Release Date 04/29/2022
(The Ambient Zone)
Prospector Sound is the alter-ego of Manchester musician Richard Talbot, who is most well known as a founding member of Marconi Union. Talbot (under various pseudonyms) has been making ambient music since the late 1980s when the genre was still in its infancy and was a part of the ‘Cassette Scene’ that flourished around that time.
New album Red Sargasso is out April 29th via The Ambient Zone, and is comprised of 11 mysterious atmospheric tracks recorded over a period of several years. They are both warm and simultaneously eerie. Lush synth parts co-exist with distant unsettling bumps and clanks derived from treated field recordings. This juxtaposition steers the Red Sargasso away from New Age blandness and creates an overall effect of organic depth and richness. The new album can be pre-ordered here.
The music largely eschews rhythm and places a heavy emphasis on evocative atmospherics -- these can be warm, dark or mysterious or sometimes all of these things at the same time. One consistent feature of Prospector Sound music is its organic quality often emphasized by the employment of processed found sound and field recordings.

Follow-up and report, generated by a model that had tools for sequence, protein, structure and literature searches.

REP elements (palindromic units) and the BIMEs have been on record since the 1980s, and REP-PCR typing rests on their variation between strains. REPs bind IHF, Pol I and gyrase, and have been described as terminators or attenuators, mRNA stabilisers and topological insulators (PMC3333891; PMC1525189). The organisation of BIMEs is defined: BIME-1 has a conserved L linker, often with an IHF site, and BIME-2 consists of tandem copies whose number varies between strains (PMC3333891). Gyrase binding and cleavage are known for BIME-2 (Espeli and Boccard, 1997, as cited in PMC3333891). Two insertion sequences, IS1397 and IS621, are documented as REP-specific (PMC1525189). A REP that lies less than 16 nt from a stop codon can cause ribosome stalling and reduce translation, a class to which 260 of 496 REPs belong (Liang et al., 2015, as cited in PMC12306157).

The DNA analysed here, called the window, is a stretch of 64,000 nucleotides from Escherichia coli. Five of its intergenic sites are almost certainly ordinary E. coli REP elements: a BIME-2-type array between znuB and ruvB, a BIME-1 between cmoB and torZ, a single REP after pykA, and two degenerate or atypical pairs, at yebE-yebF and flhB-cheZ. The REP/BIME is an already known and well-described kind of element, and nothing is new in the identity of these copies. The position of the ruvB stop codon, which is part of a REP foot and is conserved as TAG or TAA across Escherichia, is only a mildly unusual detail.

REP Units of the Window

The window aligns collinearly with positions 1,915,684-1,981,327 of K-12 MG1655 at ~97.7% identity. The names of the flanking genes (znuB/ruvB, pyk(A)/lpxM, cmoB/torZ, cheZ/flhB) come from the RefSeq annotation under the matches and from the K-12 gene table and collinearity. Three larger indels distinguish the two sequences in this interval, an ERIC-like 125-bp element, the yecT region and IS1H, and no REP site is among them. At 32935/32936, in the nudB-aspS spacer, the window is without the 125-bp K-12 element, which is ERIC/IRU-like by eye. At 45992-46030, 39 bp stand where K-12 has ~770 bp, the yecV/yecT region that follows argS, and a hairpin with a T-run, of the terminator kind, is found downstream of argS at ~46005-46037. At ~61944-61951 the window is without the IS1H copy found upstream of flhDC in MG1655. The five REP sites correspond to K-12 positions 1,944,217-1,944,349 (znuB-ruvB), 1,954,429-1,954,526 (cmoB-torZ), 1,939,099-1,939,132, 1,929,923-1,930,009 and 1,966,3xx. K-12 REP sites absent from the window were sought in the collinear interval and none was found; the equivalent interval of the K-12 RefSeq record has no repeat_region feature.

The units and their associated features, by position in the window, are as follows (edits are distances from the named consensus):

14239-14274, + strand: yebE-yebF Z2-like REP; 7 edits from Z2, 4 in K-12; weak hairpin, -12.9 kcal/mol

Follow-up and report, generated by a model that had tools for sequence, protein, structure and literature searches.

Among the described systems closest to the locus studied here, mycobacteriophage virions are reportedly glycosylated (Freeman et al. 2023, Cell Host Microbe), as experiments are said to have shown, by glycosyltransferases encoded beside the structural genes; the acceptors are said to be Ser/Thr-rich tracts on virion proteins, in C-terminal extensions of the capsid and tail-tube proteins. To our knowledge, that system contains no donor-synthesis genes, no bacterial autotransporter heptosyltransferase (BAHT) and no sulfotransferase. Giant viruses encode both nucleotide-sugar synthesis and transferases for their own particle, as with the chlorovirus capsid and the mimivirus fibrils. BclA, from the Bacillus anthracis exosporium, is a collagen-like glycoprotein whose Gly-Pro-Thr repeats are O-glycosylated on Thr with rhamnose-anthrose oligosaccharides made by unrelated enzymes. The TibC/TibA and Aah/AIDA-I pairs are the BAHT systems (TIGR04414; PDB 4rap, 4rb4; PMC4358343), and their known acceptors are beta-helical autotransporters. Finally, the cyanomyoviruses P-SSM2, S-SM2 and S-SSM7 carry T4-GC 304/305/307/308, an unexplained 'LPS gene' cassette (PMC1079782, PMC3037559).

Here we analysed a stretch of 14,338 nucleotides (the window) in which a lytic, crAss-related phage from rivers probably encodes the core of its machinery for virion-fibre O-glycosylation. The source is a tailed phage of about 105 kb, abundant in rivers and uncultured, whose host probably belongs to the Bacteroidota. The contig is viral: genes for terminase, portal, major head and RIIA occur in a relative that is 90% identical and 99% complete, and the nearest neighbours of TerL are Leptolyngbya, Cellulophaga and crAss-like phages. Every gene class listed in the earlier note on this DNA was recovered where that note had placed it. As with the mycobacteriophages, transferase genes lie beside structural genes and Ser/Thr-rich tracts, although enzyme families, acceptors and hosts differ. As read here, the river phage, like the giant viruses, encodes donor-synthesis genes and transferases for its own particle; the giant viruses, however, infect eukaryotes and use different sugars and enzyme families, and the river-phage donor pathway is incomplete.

Over the past thirty five years, rather than vacillating between different musical poles,Talbot has chosen to constantly refine and adjust his core concept of sonically capturing real or imaginary spaces. He notes: “Whenever, I make music, I’m making imaginary places for myself.”
“I make music constantly for my own pleasure, without any plans to release it commercially. I like to create playlists to listen to it while I’m driving or doing stuff around the house. Most of the tracks that came to make up Red Sargasso, were a part of two very lengthy playlists which I kept returning to. After a long time listening to both of them in different settings, I realized that although these particular tracks had been recorded several years apart, they seemed to have a connection with each other. So really it was as if the album made itself without any intention on my part.”
“When I’d finished the album, I was quite surprised to see how much of it was dominated by images of water and the sea, Obviously, I was attracted by the idea of big empty spaces that were featureless which was a pretty good indicator of my mood at the time.”
“I guess I have my own ideas about what the music represents but those places are fictional and anyone listening can use their imagination and experiences to create their version of those places. So my Lake Habermas might be completely different to the listener’s and both are just as valid.”